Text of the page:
I have known some self destructive people. Someone who couldn't stay out of jail and is now in prison. And I am related to someone that has multiple DUI's. He has finally learned a very expensive lesson. I have known people with drug addiction. I have known people that for whatever reason are self destructive one way or another. People that drive without insurance or a license are also being self destructive because they know if they get caught they are really gonna pay for it but would rather take a chance.

    I would think that with today's technology and education that our society as a whole would get smarter. Or maybe that's just a dream.

     
  • steven brinks posted at 11:56 am on Sat, Apr 2, 2011.

    steven brinks Posts: 2

    I have been reading the Lodi News Sentinal for many years now. I have noticed recently that the paper seems to have taken a biased stance against the police. I would like to know what started this whole story? I don't think I have ever seen the paper publish an article looking for people who have had run ins with the police department. What exactly are you trying to find? How many responses did you get? Did you think that the people that are going to respond are going to say " Yeah I was driving without a licence it's my fault. the Police did a good job". The line " Lodi get $102,000 to operate the check points and so-called saturation patrols." So-called saturation patrols? Tell me that line doesn't have an undertone to it. Then the statement "We've learned since our story appeared that Lodi police do not, in fact, have to request driver's licenses of those who go through the checkpoints." Learned from who? I believe a Lodi Police Offcier said in a pravious article they had to check for licences per the grant they obtained. Is the paper calling the Officer a liar? I would like to know, who wrote the editioral? Is an editor or reporter is not comfotable putting their name on their publishing? Is this the stance of the entire paper? ........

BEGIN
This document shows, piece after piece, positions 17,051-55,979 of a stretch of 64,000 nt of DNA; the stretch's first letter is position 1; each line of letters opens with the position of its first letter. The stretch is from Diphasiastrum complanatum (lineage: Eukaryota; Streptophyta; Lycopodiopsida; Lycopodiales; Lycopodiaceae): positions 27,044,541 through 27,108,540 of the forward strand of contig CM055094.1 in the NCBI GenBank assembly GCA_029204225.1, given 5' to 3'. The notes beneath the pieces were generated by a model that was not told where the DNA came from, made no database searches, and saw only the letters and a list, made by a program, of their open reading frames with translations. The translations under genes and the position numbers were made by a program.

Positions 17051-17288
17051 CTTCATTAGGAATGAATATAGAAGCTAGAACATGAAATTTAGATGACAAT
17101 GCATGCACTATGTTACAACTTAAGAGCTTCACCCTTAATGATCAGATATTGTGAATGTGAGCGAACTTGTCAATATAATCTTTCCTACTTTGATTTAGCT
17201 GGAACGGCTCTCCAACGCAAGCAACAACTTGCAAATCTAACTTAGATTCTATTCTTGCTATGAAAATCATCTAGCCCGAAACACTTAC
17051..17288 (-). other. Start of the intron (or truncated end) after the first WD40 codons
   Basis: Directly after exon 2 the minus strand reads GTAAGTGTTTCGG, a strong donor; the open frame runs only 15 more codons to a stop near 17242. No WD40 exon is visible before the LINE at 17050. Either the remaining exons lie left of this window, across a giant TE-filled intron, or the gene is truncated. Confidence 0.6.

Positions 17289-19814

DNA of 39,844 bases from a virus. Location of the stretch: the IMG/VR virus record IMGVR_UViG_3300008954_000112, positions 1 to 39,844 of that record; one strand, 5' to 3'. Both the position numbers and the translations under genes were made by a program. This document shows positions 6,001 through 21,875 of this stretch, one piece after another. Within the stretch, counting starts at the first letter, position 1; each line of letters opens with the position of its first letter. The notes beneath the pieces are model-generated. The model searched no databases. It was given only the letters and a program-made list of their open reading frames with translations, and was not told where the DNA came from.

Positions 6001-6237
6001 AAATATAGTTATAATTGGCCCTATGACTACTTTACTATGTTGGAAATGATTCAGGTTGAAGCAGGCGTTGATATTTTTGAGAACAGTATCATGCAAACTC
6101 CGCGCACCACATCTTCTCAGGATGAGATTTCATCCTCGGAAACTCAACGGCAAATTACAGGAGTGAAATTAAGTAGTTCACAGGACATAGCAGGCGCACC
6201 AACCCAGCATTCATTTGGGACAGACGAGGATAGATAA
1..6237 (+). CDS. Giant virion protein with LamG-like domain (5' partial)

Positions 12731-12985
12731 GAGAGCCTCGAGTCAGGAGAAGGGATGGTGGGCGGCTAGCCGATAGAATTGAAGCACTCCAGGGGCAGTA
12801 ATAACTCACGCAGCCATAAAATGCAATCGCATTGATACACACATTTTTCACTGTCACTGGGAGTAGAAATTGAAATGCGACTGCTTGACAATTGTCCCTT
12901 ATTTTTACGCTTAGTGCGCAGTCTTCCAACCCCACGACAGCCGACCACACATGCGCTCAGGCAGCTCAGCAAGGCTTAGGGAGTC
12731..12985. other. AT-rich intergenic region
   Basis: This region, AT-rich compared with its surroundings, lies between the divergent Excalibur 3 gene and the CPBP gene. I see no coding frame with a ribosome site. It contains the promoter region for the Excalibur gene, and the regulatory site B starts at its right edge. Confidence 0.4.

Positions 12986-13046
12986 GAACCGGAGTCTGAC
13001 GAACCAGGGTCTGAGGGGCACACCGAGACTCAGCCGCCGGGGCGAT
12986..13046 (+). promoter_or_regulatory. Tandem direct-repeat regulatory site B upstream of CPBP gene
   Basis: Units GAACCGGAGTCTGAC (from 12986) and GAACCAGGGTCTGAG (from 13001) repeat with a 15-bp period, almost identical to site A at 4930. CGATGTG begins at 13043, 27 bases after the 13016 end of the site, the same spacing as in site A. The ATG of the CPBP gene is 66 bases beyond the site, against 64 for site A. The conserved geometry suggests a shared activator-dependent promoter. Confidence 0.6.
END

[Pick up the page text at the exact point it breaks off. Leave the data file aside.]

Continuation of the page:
• Kevin Paglia posted at 8:00 am on Sat, Apr 2, 2011.

    Kevin Paglia Posts: 2028

    Sometimes it is just a name that throws people. Calling them DUI checkpoints implies that it is only the intoxicated who are being looked for. When the programs started then maybe that was a good name. But in this era of people thinking that laws apply to everyone else I think it is time for a name change. Instead of a DUI checkpoint the new name should be TCV checkpoints, Traffic Code Violation checkpoints. That is, after all what they are and then the general public would not be so confused by there only being a few drunks taken off the road and understand that a wider net is being tossed out.

    And I also agree with the belief that the TCV check points should be done on the west side as well.